A Morale Boost from Graduates
Since I’m heavily involved in the church we attend, I don’t often get a chance to visit other congregations.
However, an opportunity arose June 2 when I accompanied an author to the church where he once had been an elder and active for 20-plus years for a book signing.
While I didn’t have a role that day, I essentially went along for moral support. What I didn’t bargain on was the boost I would receive for my own morale.
I didn’t know this day the church—a more sizable congregation than ours—would be recognizing recent high school and college graduates. I didn’t keep a close count, but there were more than a dozen overall.
As the pastor recited the collegians’ studies, accomplishments, and plans for the future, I marveled at the varied pursuits these young adults had in mind.
One woman planned to attend a post-college training course to prepare her to start her own funeral home.
Another intends to use the culinary skills and other training she has acquired to start a bakery specializing in gluten-free and low-sugar goodies for those with celiac disease or diabetes (a healthy percentage of our area).
Others planned to go on to medical training, teaching, or other pursuits.
Graduates Exerting Influence
The high school grads were all destined for some kind of further studies, many of them with the benefit of scholarship stipends because of their academic achievements.
Only one talked of his hopes to attend Bible college.
I mention the latter because of the sense I’ve developed over the years that many see pastors and missionaries as some kind of “super Christians” who are God’s chosen people.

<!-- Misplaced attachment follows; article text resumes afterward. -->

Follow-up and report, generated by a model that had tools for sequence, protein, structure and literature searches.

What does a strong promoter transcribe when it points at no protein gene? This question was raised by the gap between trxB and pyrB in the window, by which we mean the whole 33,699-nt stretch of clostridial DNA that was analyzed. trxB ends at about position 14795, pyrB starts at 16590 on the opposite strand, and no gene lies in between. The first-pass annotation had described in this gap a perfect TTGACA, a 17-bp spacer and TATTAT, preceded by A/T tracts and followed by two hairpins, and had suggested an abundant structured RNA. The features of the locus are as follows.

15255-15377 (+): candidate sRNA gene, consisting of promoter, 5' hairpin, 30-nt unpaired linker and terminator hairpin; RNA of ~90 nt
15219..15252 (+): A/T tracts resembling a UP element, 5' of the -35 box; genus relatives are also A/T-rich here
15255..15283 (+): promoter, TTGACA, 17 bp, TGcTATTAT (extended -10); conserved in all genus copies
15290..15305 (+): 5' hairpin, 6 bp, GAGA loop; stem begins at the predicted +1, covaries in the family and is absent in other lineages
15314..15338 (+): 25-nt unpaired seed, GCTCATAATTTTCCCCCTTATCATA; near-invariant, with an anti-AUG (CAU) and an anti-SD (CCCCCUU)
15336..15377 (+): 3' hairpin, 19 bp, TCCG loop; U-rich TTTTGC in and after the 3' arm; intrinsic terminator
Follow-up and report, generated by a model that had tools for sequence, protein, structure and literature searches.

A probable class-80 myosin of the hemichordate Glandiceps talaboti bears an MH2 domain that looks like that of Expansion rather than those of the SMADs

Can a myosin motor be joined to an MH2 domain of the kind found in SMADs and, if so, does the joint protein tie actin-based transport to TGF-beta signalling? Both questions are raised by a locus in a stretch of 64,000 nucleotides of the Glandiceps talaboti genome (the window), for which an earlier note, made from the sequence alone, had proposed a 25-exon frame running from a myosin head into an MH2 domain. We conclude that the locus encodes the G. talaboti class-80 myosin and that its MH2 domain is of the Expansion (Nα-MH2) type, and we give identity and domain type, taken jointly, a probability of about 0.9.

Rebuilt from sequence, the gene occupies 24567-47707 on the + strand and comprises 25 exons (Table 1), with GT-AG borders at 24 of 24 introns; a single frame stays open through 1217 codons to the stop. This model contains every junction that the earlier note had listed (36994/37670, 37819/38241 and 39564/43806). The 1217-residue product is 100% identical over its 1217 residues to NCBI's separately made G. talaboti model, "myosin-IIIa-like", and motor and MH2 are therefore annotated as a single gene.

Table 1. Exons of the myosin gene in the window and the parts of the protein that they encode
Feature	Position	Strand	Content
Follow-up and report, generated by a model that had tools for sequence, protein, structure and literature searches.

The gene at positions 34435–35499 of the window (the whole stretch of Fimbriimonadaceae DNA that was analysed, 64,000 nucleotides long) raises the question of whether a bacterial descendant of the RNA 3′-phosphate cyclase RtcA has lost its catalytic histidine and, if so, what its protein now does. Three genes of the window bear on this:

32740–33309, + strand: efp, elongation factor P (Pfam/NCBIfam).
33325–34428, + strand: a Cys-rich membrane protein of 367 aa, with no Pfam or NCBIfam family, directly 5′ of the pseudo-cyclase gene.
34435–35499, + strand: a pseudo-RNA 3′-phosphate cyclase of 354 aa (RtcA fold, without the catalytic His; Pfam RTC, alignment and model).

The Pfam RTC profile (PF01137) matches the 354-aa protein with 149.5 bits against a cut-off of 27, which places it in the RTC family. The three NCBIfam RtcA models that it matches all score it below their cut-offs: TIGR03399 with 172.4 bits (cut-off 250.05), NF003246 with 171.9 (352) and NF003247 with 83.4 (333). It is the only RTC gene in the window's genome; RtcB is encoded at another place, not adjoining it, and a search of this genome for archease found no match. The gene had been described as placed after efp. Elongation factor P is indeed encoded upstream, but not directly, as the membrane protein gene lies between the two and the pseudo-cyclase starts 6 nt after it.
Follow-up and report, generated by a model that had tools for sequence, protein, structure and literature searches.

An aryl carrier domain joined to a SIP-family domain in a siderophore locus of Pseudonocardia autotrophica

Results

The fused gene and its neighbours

You know, the ones who carry a special anointing and are somehow favored above all other believers.
Not only is that not true, but when Jesus gave what many call the Great Commission (Matthew 28:18-20), he delivered it to the so-called laity: the folks who had worked as fishermen, tax collectors, and doctors, and even—gasp!—in politics.
The first disciples were the same kind of people as these young adults who are bound for a working world where they can share their faith, exert an influence for God, and rub shoulders with people who may never set foot inside a church.
Commissioned for Good
I believe this is the church as God designed it, not the “clergy” and “laity” divisions that have developed over the last 2,000 years.
We are all commissioned to be the good news in the world. It may be an old cliché, but it is true that for some, the life of a Christian is the only Bible those outside the church will ever read.
His main contention is that God designed the body of Christ to operate in the same way as the human body.
Namely, on a grassroots level, where the many parts of the body function according to our DNA (found in the Bible) and carry out those instructions.
It is a low-key model, unlike the business approach favored by so many churches, where the pastor functions as the CEO and the elders or deacons represent the board of directors.
While that may have given us large, efficiently-run churches, it hasn’t been too great in changing the direction of our culture or social mores.
I think that will come as we see more young people, like the graduates who were honored at that service, going into the world with faith as an essential element of their identity.